A common concern of parents on prom night is the risk of impaired driving and the possibility of fatal outcomes. Car crashes continue to be the number one cause of death among teens. Yet, in a survey conducted by the National Highway Traffic Safety Association only 29% of 11th and 12th graders felt that driving impaired on prom night was highly dangerous. Students who attend after prom parties are assured an alcohol and drug free evening. Adult support is essential in planning after prom parties that successfully keep students entertained throughout the night and off the roads!
If you are the parent/guardian of a high school student that plans to attend prom this year, please use the Department of Health’s Safe & Sober Prom Season 2013 Parent Guide and Pledge Book. This valuable tool is a “must-have” for parents to use when selecting prom transportation services for their teens.
Solid Waste Superintendent, Bureau of Solid Waste Management
We all have busy lives. We devote our precious time to work, kids, community service, hobbies, and any number of other daily activities. For many of us, the last thing we want to think about is trash! In fact, for most of us, all we really want is to place our trash out for collection at the curb or alley and have it disappear.
Unfortunately, there may come a time when the trash doesn’t disappear. In most cases, there is a perfectly logical reason why trash collection does not occur. Following are some of the most common causes of missed trash collection.
Baltimore County regulations require that trashcans are limited to a maximum capacity of 34 gallons and a maximum filled weight of 40 pounds. These regulations are in place to protect the hard-working men and women on the back of the collection trucks. It is not uncommon for a single truck to collect trash from more than 1,500 homes in a day, with many homes placing two or three trashcans out for collection. It’s not hard to imagine the risk of repetitive motion injuries that could result from lifting oversize or overweight cans. Also, the County does not recommend using trashcans with hinged lids or wheels due to difficulty in handling by the collectors and the wheels/lids being prone to breakage.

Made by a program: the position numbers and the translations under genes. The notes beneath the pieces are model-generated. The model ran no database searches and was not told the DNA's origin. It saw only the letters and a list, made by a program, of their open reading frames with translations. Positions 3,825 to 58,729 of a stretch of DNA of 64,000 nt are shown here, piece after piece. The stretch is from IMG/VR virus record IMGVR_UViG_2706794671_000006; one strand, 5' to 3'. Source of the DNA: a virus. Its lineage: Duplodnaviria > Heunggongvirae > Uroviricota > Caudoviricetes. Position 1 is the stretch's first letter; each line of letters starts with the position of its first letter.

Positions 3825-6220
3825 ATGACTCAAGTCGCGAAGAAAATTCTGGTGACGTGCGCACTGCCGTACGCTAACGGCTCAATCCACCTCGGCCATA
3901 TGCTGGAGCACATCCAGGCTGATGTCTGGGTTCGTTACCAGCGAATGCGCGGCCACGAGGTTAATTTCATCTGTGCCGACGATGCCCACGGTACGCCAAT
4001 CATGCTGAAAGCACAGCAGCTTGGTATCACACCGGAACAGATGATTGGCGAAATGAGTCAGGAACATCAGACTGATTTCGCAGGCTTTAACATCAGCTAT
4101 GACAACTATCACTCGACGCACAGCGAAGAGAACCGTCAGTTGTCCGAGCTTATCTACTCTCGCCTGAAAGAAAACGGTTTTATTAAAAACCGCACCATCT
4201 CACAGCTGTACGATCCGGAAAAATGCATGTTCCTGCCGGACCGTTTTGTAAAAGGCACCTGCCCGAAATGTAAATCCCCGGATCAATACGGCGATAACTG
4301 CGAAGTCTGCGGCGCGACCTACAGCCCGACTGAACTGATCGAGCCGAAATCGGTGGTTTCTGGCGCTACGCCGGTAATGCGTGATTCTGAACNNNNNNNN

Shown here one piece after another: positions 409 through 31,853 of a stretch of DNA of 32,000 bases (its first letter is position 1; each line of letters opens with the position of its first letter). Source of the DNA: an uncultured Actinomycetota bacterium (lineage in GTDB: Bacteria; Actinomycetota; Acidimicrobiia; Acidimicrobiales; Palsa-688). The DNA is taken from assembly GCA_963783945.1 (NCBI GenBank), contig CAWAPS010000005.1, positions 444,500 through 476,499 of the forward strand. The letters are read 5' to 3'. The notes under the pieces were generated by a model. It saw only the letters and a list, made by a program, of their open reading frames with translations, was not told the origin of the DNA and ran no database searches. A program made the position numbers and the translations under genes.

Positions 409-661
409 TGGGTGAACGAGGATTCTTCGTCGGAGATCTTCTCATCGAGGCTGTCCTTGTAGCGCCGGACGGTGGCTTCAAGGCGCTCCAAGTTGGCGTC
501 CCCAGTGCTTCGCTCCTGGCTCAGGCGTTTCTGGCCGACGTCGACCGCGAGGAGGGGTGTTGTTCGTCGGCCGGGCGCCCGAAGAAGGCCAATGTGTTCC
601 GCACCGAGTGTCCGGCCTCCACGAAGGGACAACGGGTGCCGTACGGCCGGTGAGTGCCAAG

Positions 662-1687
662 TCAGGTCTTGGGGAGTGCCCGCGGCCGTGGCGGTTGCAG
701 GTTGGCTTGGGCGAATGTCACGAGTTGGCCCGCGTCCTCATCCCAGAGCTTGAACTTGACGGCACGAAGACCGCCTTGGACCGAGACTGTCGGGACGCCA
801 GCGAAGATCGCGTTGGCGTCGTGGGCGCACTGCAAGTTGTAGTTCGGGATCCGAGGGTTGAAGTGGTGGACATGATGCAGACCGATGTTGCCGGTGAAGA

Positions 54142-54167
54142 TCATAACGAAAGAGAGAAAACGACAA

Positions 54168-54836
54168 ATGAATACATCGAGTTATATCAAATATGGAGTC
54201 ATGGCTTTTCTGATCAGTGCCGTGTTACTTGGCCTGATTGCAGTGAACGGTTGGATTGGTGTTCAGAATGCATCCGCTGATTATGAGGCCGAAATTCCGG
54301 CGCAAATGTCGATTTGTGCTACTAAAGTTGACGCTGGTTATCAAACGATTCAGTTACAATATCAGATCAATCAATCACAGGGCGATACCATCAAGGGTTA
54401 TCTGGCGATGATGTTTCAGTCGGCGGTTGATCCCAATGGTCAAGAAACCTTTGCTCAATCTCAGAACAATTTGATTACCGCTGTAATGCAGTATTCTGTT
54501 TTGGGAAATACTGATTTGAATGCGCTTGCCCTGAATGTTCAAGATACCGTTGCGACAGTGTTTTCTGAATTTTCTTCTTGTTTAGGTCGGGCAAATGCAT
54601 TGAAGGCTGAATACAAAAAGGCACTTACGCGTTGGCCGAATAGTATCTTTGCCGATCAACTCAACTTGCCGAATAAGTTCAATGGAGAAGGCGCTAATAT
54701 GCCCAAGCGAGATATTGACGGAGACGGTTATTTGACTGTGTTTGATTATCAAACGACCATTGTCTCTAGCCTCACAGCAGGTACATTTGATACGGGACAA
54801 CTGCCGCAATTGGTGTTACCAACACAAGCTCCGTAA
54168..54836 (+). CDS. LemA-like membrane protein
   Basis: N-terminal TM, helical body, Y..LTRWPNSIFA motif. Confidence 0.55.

Baltimore County regulations state that trash should be set out after 6:00 p.m. the night before a scheduled collection. Although some collectors arrive at a certain time each week, there are any number of factors (e.g., weather, traffic, holidays) that could cause them to arrive earlier or later than “normal.” It’s never a good idea to “set your clock” by the collector and the best way to ensure collection is to have your trash out the night before.
Although the collectors make every effort to collect the household trash people set out, there are items that should not be set out at the curb or alley. Bulk items (e.g., mattresses, furniture, appliances, building materials) are too large to be collected. Dangerous items (e.g., chemicals, paint, explosives) can create hazardous conditions for the workers and should never be placed out for collection. Additionally, it is illegal in Baltimore County to dispose of most household electronics (e.g., TVs, computer equipment, VCRs) as trash. For more information on how to properly dispose of all of the aforementioned materials, visit www.baltimorecountymd.gov/solidwaste.
Baltimore County Code requires that vehicles parked in alleys must allow at least 12 feet clearance. You can report parked vehicles that prevent access to an alley by trash collection and/or emergency vehicles using the Baltimore County Police Department’s non-emergency line, 410-887-2222.
It’s important to remember the hard-working crews that collect trash from the nearly 330,000 homes in Baltimore County each week. If you get a chance, I hope you join me in thanking these folks for a job well done. Or, better yet, thank them on collection day by following the rules and regulations detailed here and you’ll also be helping ensure that your trash disappears on collection day!
Revised April 6, 2016